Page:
Recipes for Exotic Fruits and Veggies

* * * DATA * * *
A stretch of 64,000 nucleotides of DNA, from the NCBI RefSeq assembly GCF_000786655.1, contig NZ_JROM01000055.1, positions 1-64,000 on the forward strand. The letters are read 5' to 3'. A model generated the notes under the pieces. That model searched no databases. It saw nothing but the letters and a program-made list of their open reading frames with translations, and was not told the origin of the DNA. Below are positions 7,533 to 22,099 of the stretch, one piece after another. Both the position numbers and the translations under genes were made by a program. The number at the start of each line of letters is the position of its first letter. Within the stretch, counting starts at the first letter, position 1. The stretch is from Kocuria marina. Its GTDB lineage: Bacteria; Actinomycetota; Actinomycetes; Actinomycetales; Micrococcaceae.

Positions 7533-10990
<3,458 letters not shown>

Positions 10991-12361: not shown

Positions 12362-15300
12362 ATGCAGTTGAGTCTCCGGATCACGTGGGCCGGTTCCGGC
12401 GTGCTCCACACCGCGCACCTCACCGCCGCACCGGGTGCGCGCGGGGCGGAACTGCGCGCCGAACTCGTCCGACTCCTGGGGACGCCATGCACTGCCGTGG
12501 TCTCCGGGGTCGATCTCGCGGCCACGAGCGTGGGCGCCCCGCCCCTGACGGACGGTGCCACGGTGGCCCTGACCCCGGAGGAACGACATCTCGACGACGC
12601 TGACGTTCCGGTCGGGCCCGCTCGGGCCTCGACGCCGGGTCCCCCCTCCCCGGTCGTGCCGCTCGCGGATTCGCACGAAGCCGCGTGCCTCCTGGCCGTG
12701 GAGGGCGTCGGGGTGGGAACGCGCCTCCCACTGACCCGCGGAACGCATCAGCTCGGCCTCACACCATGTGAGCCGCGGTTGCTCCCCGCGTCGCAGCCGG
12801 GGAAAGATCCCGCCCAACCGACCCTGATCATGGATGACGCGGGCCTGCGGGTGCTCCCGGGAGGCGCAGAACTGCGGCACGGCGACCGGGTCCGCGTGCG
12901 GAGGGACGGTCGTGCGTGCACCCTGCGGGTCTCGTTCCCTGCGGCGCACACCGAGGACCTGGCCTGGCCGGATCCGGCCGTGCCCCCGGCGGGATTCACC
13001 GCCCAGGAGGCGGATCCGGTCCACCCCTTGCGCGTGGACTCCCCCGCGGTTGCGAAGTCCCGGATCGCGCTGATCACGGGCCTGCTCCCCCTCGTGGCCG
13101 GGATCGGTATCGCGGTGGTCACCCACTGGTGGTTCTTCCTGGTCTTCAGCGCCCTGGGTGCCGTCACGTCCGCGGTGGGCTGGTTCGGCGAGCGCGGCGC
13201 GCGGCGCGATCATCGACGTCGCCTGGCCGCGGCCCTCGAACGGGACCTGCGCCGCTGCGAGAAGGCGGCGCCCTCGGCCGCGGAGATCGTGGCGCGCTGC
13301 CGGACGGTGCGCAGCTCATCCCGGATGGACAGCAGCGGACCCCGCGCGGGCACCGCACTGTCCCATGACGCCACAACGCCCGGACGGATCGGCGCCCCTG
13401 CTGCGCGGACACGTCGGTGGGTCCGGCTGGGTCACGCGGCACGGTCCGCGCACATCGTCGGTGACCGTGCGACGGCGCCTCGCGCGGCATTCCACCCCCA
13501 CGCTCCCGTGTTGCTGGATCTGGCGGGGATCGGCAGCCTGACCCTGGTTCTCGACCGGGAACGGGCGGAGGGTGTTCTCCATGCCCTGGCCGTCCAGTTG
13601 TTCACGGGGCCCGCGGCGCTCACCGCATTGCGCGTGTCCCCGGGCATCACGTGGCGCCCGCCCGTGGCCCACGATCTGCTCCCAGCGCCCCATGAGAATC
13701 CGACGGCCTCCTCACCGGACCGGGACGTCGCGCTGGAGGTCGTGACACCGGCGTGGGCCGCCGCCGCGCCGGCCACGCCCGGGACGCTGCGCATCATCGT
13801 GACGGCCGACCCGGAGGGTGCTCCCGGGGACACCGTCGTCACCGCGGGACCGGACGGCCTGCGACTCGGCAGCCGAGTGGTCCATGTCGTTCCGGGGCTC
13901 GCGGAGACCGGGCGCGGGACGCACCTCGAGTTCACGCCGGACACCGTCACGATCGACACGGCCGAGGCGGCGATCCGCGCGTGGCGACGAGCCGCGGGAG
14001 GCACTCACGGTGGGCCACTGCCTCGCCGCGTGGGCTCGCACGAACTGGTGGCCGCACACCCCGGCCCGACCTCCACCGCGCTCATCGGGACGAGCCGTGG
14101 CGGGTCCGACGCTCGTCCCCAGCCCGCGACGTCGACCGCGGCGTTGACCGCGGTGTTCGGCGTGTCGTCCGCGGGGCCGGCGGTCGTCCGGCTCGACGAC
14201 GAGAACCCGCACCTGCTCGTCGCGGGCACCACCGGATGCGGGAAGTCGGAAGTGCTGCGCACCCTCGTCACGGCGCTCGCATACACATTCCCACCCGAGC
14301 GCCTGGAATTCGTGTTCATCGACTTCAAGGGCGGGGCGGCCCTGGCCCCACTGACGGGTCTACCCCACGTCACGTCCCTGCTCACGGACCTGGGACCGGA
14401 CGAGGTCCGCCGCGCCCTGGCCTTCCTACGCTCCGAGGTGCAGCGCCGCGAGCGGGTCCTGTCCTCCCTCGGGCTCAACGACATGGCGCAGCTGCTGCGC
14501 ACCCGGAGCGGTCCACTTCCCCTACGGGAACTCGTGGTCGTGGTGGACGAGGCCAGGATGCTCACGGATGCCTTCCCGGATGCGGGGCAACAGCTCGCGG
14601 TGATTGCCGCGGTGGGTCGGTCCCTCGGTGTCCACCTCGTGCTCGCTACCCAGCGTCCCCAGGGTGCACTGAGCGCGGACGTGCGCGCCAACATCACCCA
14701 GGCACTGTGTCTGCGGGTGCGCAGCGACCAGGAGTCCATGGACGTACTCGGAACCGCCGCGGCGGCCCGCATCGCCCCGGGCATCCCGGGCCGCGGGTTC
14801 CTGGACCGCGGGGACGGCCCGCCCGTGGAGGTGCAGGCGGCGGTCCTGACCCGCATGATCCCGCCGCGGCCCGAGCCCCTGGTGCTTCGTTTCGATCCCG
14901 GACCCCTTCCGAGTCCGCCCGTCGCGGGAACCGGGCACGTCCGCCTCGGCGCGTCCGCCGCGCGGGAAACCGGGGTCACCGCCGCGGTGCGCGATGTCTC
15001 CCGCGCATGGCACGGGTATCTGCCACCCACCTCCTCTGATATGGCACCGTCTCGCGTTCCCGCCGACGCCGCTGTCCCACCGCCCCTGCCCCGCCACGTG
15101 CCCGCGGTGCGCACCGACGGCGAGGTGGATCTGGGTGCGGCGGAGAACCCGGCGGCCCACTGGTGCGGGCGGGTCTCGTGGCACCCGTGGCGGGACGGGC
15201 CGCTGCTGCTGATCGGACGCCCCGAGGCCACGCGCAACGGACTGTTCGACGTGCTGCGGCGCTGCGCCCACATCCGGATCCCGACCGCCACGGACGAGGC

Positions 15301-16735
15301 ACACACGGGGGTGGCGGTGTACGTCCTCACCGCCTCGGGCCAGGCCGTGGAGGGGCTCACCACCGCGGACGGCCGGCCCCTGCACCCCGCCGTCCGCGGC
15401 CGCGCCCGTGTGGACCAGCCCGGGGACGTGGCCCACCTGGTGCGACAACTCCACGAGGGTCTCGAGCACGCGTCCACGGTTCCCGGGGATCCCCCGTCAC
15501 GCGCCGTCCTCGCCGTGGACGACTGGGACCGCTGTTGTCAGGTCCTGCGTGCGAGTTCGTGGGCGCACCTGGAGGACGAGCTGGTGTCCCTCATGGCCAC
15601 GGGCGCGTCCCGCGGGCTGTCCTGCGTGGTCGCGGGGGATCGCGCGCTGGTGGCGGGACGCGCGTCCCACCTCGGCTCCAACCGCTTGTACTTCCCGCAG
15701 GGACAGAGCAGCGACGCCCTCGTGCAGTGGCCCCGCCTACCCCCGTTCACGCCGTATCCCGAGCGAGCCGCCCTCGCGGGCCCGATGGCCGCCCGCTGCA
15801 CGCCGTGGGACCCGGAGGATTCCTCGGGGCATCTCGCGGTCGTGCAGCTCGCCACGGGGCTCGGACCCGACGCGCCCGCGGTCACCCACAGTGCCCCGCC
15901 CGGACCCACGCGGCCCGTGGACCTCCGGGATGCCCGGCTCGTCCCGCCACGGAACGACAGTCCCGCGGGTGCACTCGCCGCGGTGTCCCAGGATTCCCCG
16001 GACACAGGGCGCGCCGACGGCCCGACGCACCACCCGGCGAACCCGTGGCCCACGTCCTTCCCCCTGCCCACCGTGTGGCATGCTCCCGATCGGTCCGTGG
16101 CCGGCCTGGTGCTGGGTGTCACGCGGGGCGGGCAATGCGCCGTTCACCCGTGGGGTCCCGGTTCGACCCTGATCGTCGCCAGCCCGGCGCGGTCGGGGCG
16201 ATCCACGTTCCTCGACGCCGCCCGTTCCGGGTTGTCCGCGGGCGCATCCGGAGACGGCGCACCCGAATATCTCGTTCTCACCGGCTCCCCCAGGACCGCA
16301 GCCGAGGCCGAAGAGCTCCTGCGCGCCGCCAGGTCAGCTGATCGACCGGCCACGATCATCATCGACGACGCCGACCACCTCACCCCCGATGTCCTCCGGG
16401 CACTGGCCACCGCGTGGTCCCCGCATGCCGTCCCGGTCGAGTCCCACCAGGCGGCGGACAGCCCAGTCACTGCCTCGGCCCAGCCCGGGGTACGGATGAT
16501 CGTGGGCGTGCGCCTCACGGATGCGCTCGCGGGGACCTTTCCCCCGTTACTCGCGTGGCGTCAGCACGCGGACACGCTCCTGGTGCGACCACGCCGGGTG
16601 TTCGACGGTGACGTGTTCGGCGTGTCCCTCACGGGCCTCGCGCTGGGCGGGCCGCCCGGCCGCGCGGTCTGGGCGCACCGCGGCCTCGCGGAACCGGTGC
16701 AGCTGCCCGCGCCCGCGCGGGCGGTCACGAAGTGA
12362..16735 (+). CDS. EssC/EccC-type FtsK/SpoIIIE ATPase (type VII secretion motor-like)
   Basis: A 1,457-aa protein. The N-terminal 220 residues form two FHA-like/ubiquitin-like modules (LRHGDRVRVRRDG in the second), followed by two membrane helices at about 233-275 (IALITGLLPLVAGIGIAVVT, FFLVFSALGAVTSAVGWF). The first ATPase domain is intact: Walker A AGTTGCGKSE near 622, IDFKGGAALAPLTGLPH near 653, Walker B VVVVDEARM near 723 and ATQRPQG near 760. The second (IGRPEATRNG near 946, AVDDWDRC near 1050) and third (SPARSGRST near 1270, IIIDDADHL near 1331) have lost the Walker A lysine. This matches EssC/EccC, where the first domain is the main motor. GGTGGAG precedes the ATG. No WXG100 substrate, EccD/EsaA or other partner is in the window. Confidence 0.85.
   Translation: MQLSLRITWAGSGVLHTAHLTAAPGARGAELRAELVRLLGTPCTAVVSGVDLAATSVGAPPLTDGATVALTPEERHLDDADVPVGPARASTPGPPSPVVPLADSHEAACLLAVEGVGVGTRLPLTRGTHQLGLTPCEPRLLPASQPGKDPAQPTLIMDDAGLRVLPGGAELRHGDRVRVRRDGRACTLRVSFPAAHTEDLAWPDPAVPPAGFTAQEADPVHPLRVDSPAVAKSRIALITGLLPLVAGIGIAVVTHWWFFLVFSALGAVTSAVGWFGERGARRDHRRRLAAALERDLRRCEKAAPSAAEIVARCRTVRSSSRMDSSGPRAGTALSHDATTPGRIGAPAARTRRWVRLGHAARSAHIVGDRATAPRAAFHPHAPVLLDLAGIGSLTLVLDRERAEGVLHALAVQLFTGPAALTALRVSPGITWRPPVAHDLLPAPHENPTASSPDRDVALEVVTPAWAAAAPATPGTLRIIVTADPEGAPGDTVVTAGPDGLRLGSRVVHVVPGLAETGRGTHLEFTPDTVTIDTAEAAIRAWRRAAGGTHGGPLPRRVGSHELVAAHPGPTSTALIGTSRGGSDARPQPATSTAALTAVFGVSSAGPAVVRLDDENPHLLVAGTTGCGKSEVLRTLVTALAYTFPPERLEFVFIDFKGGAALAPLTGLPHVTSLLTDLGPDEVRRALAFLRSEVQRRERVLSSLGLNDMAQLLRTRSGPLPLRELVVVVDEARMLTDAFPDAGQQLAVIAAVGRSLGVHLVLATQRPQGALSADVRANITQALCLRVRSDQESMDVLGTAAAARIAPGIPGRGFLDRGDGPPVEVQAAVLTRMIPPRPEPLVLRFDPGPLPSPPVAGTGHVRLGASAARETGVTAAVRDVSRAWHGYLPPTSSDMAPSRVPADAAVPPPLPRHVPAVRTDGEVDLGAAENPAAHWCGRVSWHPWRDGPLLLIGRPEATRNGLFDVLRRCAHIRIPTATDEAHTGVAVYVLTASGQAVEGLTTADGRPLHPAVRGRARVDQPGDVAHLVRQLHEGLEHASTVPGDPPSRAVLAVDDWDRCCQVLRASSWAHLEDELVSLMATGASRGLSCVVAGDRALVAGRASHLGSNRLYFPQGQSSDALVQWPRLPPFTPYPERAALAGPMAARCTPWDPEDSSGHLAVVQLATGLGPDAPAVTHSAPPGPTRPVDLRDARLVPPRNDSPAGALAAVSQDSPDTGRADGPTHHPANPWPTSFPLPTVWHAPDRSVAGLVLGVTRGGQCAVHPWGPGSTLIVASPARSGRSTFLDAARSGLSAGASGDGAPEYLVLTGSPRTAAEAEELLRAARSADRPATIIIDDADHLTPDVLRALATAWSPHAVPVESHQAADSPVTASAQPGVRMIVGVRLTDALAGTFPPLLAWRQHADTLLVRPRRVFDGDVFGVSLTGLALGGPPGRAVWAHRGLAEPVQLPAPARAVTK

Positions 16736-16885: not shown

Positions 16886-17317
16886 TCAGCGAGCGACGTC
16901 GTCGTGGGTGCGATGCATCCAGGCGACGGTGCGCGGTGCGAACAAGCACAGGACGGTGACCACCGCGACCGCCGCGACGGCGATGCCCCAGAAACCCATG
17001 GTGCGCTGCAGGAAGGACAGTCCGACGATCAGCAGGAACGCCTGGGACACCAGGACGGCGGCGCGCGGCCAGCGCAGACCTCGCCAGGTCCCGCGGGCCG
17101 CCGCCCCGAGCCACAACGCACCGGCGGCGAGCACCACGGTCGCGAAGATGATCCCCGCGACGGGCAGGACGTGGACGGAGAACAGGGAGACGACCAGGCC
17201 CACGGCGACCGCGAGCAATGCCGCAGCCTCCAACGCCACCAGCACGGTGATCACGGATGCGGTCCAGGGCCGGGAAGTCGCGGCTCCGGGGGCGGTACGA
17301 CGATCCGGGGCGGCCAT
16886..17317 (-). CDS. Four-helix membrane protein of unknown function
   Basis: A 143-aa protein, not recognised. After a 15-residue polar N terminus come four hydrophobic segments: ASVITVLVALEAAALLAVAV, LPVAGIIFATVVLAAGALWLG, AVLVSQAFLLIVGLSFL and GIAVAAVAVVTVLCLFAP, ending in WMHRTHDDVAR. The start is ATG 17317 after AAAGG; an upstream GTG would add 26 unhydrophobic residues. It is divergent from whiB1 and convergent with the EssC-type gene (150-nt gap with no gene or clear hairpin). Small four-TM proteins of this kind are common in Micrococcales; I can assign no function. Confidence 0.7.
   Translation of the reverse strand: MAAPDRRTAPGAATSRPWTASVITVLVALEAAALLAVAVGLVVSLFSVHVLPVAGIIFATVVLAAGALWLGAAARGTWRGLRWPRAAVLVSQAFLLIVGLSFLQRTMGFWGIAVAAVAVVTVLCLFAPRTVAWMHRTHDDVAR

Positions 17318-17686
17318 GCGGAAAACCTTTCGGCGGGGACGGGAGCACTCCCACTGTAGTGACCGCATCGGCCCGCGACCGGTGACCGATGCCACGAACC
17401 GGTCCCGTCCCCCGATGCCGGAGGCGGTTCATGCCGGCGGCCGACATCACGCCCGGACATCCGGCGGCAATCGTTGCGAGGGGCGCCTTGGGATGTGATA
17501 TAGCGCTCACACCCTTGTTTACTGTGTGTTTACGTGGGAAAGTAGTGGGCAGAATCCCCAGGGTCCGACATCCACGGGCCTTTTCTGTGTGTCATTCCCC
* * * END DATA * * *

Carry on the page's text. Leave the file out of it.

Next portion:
Curious about all the interesting-looking produce at your natural products store? If you don’t have a clue how to use these fruits and veggies, the folks at Melissa’s World Variety Produce have the answers—some of them in a gorgeous new cookbook. Produce pioneers Joe and Sharon Hernandez seek out and taste-test exotic produce from all corners of the world. Asian pears from Korea, coconuts from Thailand, loquats from Hawaii, tamarillos from New Zealand, and yuzu from Japan aren’t exactly household names. But they bring exciting new tastes—and nutrients—to the standard American diet. “What we strive for is flavor,” says Joe Hernandez. “It has to taste good,” or consumers won’t try it again. Adds daughter Melissa, for whom the largest distributor of specialty fruits and vegetables is named, “Each fruit and vegetable has its own distinct flavor. “I was the kid with lychees in my lunchbox,” she says. Her peers were curious and willing to try new tastes. “It’s like a new pair of shoes. People want to know where you got them.” That’s one reason for Melissa’s Great Book of Produce by Cathy Thomas ($29.95, Wiley, 2006), from which the following recipes, plus tips on how to select, store, and prep these exotic fare, are taken. During the summer, many of these fruits and vegetables are available fresh and local, depending on where you live. Jicama A white-fleshed tuber, jicama (pronounced HE-ke-ma) is also called Mexican potato or yam bean. Its crunchy, juicy, and slightly sweet flesh is usually served raw. Shopping and Storing Look for small to medium-size jicamas, and avoid those that are cracked or shriveled. Store whole in a cool place for several days, or refrigerate for up to three weeks. Prep Cut off top and bottom. Place flat end on cutting board. Following the vegetable’s contours, remove skin in strips from top to bottom. Cut into cubes, slices, or sticks as desired. Jicama and Papaya Salad 25 minutes prep time | Serves 6 What you need: 3 Tbsp fresh orange juice 1/4 tsp minced orange zest 1-1/2 tsp sugar (optional) Salt to taste 2 Tbsp cider vinegar 3 Tbsp vegetable oil 12 oz jicama, peeled and cut into sticks 1 large, ripe papaya (1 to 1-1/2 lbs) 1/4 c chopped cilantro 2 heads Bibb lettuce, washed and drained What you do: Whisk juice, zest, sugar (if using), salt, and vinegar in a small bowl. Add oil in a steady stream, whisking constantly. Set aside. Place jicama in a large bowl. Peel papaya and cut in half. Scoop and discard seeds. Cut 1-1/4-inch strips lengthwise. Cut strips into 1/2-inch crosswise slices. Add to jicama. Add dressing and cilantro. Toss gently. Arrange lettuce on a platter and top with jicama mixture. Per serving: 137 Calories, 2 g Protein, 18 g Carbohydrates, 5 g Fiber, 7 g Total fat (1 g sat, 2 g mono, 4 g poly), 9 mg Sodium, Vitamin C, Vitamin K, Vitamin A, Folate, Molybdenum, Potassium Fennel With its whitish bulb, green stalks, and feathery, dark green tops, fennel is hard to miss. Its slightly sweet flavor may remind you of licorice or anise. This vegetable is prized in Mediterranean cuisine. Shopping and Storing Bulbs should be fragrant, firm, and blemish free. Look for bright green feathery leaves at the top. Wrap in a plastic bag, dry and unwashed, and refrigerate for up to five days. Prep Rinse with cold water. Remove fern-like greenery (may reserve for garnish). Trim any brown layers at base. For crosswise strips, cut bulb in half lengthwise. Place cut side down and halve lengthwise again. Cut into crosswise slices. Fish Fillets with Fennel and Orange 30 minutes prep time | Serves 4 What you need: 3 Tbsp extra-virgin olive oil 2 medium fennel bulbs, trimmed, cut in crosswise strips (reserve leaves for garnish) Salt and pepper to taste 1 orange, cut in segments (reserve juice) 4 fish fillets, such as salmon, red snapper, or sea bass (5 to 7 oz each) 2 Tbsp minced fresh Italian parsley What you do: Heat 2 tablespoons oil in a large, deep skillet over high heat. Add fennel, salt, and pepper. Lower heat to medium and cook until fennel browns slightly, about 3 minutes. Add reserved orange juice. Cover and simmer on medium-low until tender, about 2 minutes. Set aside. Heat 1 tablespoon oil in a large, nonstick, ovenproof skillet over medium-high heat. Add fillets and cook about 3 minutes per side, browning well. If thicker fillets need additional cooking, place skillet in 350° oven until fish is cooked (3 to 5 minutes). Place fish on 4 plates. Stir parsley into fennel. Spoon fennel mixture over fish. Garnish with orange segments. Per serving: 252 Calories, 18 g Protein, 13 g Carbohydrates, 5 g Fiber, 15 g Total fat (3 g sat, 9 g mono, 3 g poly), 90 mg Sodium, Vitamin B12, Vitamin B3 (niacin), Vitamin B6, C, K, Pantothenic acid, Phosphorous, Vitamin A, B1 (thiamine), B2 (riboflavin), Biotin, Folate, Calcium, Copper, Magnesium, Manganese, Molybdenum, Potassium, Selenium Kohlrabi Try this cabbage cousin raw or cooked. Whether you prefer the green or purple variety, baby or mature, kohlrabi is delicious. Its flavor blends those of cucumber and mild broccoli, with a subtle hint of peppery radish and a slight sweetness. Purple-skinned kohlrabi tends to be a bit spicier. Shopping and Storing Check for crisp, firm bulbs with no sign of bruises or cracks. If intact, leaves should also be crisp. Store bulbs, unwashed, in a plastic bag in the refrigerator for up to 10 days. Wash leaves in several changes of cold water, drain, and wrap in a kitchen towel or paper towels. Enclose in a plastic bag. Store leaves separately in the refrigerator for up to 3 days. Prep Peel bulb with a paring knife. Cut into chunks, dice, or slices, depending on use. Roughly chop leaves before cooking. (Leaves may be prepared in a similar manner to collard greens.) Waldorf with Attitude 25 minutes prep time | Serves 4 What you need: 2/3 c mayonnaise 1/3 c sour cream 2 Tbsp sugar 2 tsp lemon juice 1 mature or 2 to 3 baby kohlrabi bulbs, peeled and cut into 1-inch dice 4 Fuji apples, cut into 1-inch dice 3 stalks celery, thinly sliced 1/2 c toasted walnuts or pecans Salt to taste, optional What you do: Stir mayonnaise, sour cream, sugar, and lemon juice in a medium bowl. Add kohlrabi, apples, celery, and nuts. Toss and add salt, if desired. Per serving: 326 Calories, 4 g Protein, 39 g Carbohydrates, 6 g Fiber, 19 g Total fat (4 g sat, 4 g mono, 11 g poly), 116 mg Sodium, Copper, Manganese, Vitamin B6, Biotin, C, E, K, Magnesium, Molybdenum, Phosphorous, Potassium Mango Characterized by its mouth-watering flavor and enticing scent, mango is the most widely consumed fruit worldwide. Shopping and Storing Seek out ripe mangos that yield to light pressure. Avoid any with loose or shriveled skin. If necessary, ripen mangos at room temperature for 1 to 3 days. When ripe, refrigerate in a plastic bag up to 3 days. Prep The easiest way to peel a mango is to dice it first. Hold it on the work surface with stem end pointing up. Make a vertical slice along one of the long sides, about 3/8-inch from the stem, using a sharp knife. Make a second slice on the other side. The long seed is in the center slice left behind. Place a double layer of clean kitchen towels in your hand. Place one of the seed-free slices cut side up on a towel-lined hand. Using a small, sharp knife, make parallel diagonal slices across the mango about 3/4 inches apart, taking care not to slice through the peel. Slice again in the opposite direction. Push up the center of the slice on the skin side to expose small mango chunks. Run knife just above the skin to slice away chunks. Repeat with the other seedless slice. Peel center slice that contains the seed: Cut 2 long strips from either side of the mango seed and dice. Easy Mango Sorbet 15 minutes prep time (not including freezing time) | Serves 4 What you need: 2 c mango, peeled, diced, and frozen for 3 hours 8 oz nonfat vanilla yogurt 1/4 tsp fresh lime juice Pinch of sugar (optional) Mint for garnish What you do: Place partially frozen mango in a blender or food processor. Add cold yogurt, lime juice, and sugar, if desired. Pulse until coarsely pureed. Serve with fresh mint. Per serving: 326 Calories, 4 g Protein, 39 g Carbohydrates, 6 g Fiber, 19 g Total fat (4 g sat, 4 g mono, 11 g poly), 116 mg Sodium, Copper, Manganese, Vitamin B6, Biotin, C, E, K, Magnesium, Molybdenum, Phosphorous, Potassium